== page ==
You witness this ugliness on Black Friday and during the sales and I just can’t get my head around it. I can’t! You see them on the television, queueing up outside of Next so at 5am they can rush in and have the pick of all the shit that no person wanted during the only time of the year pretty much guaranteed to empty your stock room, so what’s left is the absolute dregs. Wahey! I’m sure Aunt Marjorie will be delighted with her jumper stained with the greasy fingers of the desperate and the nonsensical. There was a guy on Look North the other day who had been queueing outside of Currys all night in anticipation of the bargains galore he expected from Black Friday. He was the only one who turned up. When they interviewed him on the television you could see in his eyes that he regretted his decision, but clearly didn’t want to back down, and he was later shown staggering shamefaced out of the shop after two hours (TWO HOURS! The only way I’d spend two hours in Currys would be if I’d had a cardiac arrest in the TV section, and that’s pretty bloody likely given how high their prices are). What had he picked up? I couldn’t see everything, but there were at least four graphics cards, two blu-ray players and some speakers. Not good speakers, I add. It was as if he was the sole contestant in the world’s most depressing version of Fun House – one where Melanie and Martina had long since died and Pat Sharp didn’t have a haircut that looked like Stevie Wonder had done it as a favour. He claimed to have spent £4,500, and all I could say to Paul was ‘Yes, but what price dignity?’. Takes all sorts.

It took us almost 45 minutes in Costco to pick up a wheelbarrow of tea-bags, a mountain of coffee and a box of Rice Krispies so big that I feel like I’m in a shit version of Honey I Shrunk the Kids every time I look at it. It then took us almost an hour to get out of the ‘Metrocentre’ area, which was awash with red-faced families in oversized cars all trying to cram into the same lane. Luckily, we had the audiobook version of Carrie to finish in the car, so we were fairly content, though god knows what passer-bys must have thought to hear some American woman screaming about dirtypillows and menstrual blood coming from our car. I’d love to be telekinetic but I’d definitely end up being sent to Hell afterwards – people who so much as blocked my way for a moment in Marks and Spencers would be sent flying up into the air-conditioning fans and turned to jam, or all those Audis that insist on cutting in at the last second and blocking the box junction outside of where I park – they’d end up crumbled into a cube no smaller than the dice from a Travel Monopoly set. The world would be on fire before the end of the week, I almost guarantee it. I already spend roughly forty hours a week looking crazily at the back of someone’s head and willing their brain to start leaking out of their ears. Sigh.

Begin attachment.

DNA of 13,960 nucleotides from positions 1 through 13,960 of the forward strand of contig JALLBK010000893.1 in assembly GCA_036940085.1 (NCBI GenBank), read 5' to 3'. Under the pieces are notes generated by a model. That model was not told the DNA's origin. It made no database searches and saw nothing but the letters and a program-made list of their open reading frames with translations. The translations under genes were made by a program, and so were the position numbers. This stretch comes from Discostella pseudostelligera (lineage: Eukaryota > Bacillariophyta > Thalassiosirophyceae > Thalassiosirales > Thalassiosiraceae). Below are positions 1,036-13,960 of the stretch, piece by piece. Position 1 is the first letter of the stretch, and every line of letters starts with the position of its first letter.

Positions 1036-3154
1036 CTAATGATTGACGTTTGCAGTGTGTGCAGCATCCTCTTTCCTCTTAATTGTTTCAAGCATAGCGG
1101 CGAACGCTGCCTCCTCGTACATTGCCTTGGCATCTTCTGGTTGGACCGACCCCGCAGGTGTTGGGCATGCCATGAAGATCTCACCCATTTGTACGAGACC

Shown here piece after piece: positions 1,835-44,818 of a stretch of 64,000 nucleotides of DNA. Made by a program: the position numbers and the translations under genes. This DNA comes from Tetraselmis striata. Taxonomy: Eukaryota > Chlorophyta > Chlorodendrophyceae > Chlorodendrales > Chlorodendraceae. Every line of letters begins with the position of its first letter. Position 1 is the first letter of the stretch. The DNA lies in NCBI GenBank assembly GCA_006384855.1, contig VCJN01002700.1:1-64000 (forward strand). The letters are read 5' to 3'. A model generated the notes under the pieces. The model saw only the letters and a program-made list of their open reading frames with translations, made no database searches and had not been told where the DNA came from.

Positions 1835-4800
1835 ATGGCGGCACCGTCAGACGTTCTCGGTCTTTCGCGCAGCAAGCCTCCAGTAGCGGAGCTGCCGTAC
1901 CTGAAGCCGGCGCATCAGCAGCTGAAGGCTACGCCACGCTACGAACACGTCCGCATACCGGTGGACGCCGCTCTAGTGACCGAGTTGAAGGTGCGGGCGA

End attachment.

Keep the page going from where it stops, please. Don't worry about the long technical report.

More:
Dobbies was an absolute no-no, too. Quite literally, we got there, and there was no parking and no hope of securing a spot, given the place was awash with those fucking awful white Range Rovers (oh look at me, I’m driving a car designed for mud, all-terrain and exciting driving, and I only ever use it to ferry little Quentissimo and Angelica-Foccacia to their organic flute lessons) (bitch) and other such ‘luxury’ cars. We drove around and around and around and around until I felt like Sandra Bullock in Gravity and we admitted defeat. Paul and I did get a colossal serving of schadenfreude though with the sight of a spotlessly white BMW being completely and utterly trapped on the muddy overflow parking field. The silly arse behind the wheel kept spinning his tyres, sinking him even further into the mud, whilst his granite-faced wife looked coldly at everyone who went past laughing. Hey, it’s not my fault your husband is a useless tosser who doesn’t know how to pull a car from mud. We did, along with everyone else, smirk in that very British way when he got out of the car and started shouting at it. KNOB POWER ACTIVATE. I like to think he went home and had a good hard look at his life.

Anyway, that’s enough bile. I feel like someone who has shouted the anger out, and now I’m ready to give you a recipe. So without a moment more of hesitation, I present to you sizzlin’ beef. Sigh. SIZZLING. IT’S FUCKING SIZZLING. SIZZLE SIZZLE CRASH BANG WALLOP IT’S THE PRINCESS.

sizzlin' steak

to make sizzlin’ steak, you’ll need:

to make sizzlin’ steak, you should:

  • in a small jug mix together the bicarbonate of soda with 125ml of water and mix until well dissolved
  • pour the water and soda over the chopped steak in a bowl and leave to tenderise for an hour (but no longer)